Imagine a world where your school day was no longer dominated by subjects, such as maths or history or geography, but instead everything was jumbled up and you were taught by topic instead.
Crazy huh? It would never work. How could a teacher possibly teach a topic instead of a subject? What’s the difference anyway?
Well in Helsinki in Finland they are doing just that – teaching by topic rather than by subject. Finland has always taken a radical approach to education and its one that works! Up to very recently, when they were taken over by Asian countries such as Singapore, Finland consistently topped the PISA international literacy league tables published by the Organisation for Economic Co-operation and Development.
Every teacher in Finland, must have a minimum of a Master’s degree. Being a teacher in Finland is afforded the same social standing as being a doctor. So why are they changing what seems to be a very good system already?
Marjo Kyllonen, Helsinki’s education manager explains: “It is not only Helsinki but the whole of Finland who will be embracing change. We really need a rethinking of education and a redesigning of our system, so it prepares our children for the future with the skills that are needed for today and tomorrow. There are schools that are teaching in the old fashioned way which was of benefit in the beginnings of the 1900s – but the needs are not the same and we need something fit for the 21st century.”
Pasi Silander, the Helsinki City Council’s development manager, shared the council’s view: “What we need now is a different kind of education to prepare people for working life. Young people use quite advanced computers. In the past the banks had lots of bank clerks totting up figures but now that has totally changed. We therefore have to make the changes in education that are necessary for industry and modern society.”
Subject-specific lessons – an hour of history in the morning, an hour of geography in the afternoon – are already being phased out for 16-year-olds in the city’s upper schools. They are being replaced by what the Finns call “phenomenon” teaching – or teaching by topic. For instance, a teenager studying a vocational course might take “cafeteria services” lessons, which would include elements of maths, languages (to help serve foreign customers), writing skills and communication skills.
More academic pupils would be taught cross-subject topics such as the European Union – which would merge elements of economics, history (of the countries involved), languages and geography.
There are other changes too, not least to the traditional format that sees rows of pupils sitting passively in front of their teacher, listening to lessons or waiting to be questioned. Instead there will be a more collaborative approach, with pupils working in smaller groups to solve problems while improving their communication skills – mirroring what happens in the business world.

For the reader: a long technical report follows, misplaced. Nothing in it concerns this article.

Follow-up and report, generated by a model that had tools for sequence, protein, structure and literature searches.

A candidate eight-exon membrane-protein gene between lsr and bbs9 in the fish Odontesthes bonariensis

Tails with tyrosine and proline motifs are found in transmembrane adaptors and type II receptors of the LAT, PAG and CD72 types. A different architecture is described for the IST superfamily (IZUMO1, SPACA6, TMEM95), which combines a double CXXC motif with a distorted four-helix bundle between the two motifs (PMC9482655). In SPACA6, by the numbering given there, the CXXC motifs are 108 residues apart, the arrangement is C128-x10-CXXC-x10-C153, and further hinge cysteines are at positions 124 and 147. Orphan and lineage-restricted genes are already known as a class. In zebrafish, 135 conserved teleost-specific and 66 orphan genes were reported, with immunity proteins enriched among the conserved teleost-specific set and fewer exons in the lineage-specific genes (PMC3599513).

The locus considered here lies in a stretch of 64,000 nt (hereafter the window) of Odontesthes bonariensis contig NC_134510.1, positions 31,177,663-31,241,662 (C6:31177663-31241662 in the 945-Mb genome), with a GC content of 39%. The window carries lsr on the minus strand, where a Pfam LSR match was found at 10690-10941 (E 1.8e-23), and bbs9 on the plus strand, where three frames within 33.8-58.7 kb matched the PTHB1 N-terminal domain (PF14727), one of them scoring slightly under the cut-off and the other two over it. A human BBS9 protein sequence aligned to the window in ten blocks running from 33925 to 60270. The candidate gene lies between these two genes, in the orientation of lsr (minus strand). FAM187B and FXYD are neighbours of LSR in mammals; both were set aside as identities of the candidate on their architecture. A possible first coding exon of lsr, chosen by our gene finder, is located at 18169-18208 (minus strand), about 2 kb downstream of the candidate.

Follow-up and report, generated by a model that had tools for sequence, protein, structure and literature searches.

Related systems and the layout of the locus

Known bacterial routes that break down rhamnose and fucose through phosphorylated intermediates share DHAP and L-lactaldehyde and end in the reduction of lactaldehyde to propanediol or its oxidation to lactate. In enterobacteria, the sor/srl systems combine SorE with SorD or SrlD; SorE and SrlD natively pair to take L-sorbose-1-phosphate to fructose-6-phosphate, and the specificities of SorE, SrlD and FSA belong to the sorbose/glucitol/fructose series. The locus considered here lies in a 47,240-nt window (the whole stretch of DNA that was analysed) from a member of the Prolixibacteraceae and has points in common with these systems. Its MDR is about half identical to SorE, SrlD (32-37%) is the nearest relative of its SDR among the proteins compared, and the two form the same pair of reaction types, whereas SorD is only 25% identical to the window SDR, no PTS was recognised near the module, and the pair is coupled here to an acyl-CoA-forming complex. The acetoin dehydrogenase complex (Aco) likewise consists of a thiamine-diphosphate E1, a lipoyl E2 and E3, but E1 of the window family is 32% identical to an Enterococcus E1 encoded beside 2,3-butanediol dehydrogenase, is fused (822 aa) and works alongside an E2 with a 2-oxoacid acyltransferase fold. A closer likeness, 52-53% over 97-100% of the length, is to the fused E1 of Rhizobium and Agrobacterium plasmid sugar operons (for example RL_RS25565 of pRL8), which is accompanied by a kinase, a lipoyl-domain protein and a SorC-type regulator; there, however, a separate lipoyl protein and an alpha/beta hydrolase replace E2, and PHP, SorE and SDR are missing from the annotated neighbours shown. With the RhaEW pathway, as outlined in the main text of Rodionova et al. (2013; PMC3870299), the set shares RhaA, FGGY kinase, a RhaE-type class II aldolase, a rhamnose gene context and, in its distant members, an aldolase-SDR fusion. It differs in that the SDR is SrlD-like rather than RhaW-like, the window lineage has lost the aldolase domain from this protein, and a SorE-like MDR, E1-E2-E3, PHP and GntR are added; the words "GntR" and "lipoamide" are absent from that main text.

Given the resistance to the introduction of the New Junior Cert, I suspect that there would be little appetite in Ireland, currently, for going as far as ditching traditional subjects. Even in Finland, the reforms have met objections from teachers and principals – many of whom have spent their lives focusing on a particular subject only to be told to change their approach.
Helsinki’s education manager Ms Kyllonen has been advocating a “co-teaching” approach to lesson planning, with input from more than one subject specialist. Teachers, in Finland, who embrace this new system can receive a small top-up in salary.
About 70 per cent of Helsinki’s high school teachers have now been trained in adopting the new approach. “We have really changed the mind-set,” said Mr. Silander from Helsinki City Council. “It is quite difficult to get teachers to start and take the first step… but teachers who have taken to the new approach say they can’t go back.”
And it appears that students are benefiting too. In the two years since the new teaching methods were introduced, pupil “outcomes” – they prefer that word to standards – have improved.
All Finnish schools are obliged to introduce a period of “phenomenon-based teaching”(teaching by topic) at least once a year. These projects can last several weeks. In Helsinki, they are pushing the reforms at a faster pace with schools encouraged to set aside two periods during the year for adopting the new approach. Ms Kyllonen’s blueprint, to be published later this month, envisages the reforms will be in place across all Finnish schools by 2020.
The eyes of the education world will be upon Finland as it opts for change: will it be able to retain or improve its showing in the PISA league tables and if it does, how will the rest of the education world react? If Finland succeeds, would we ever adopt a similar approach here, in the ‘Land of Saints & Scholars’?
Elaine Sparling is the creator of the Hummingbird Learning Method® and is about to launch an online version of their the popular workshop The Secrets to Successful Spelling™ . Based in Adare, Co Limerick and now also in Tralee Co Kerry, she works with clients on a one to one basis and can be contacted on 087-2996054 or through their website www.hummingbirdlearning.com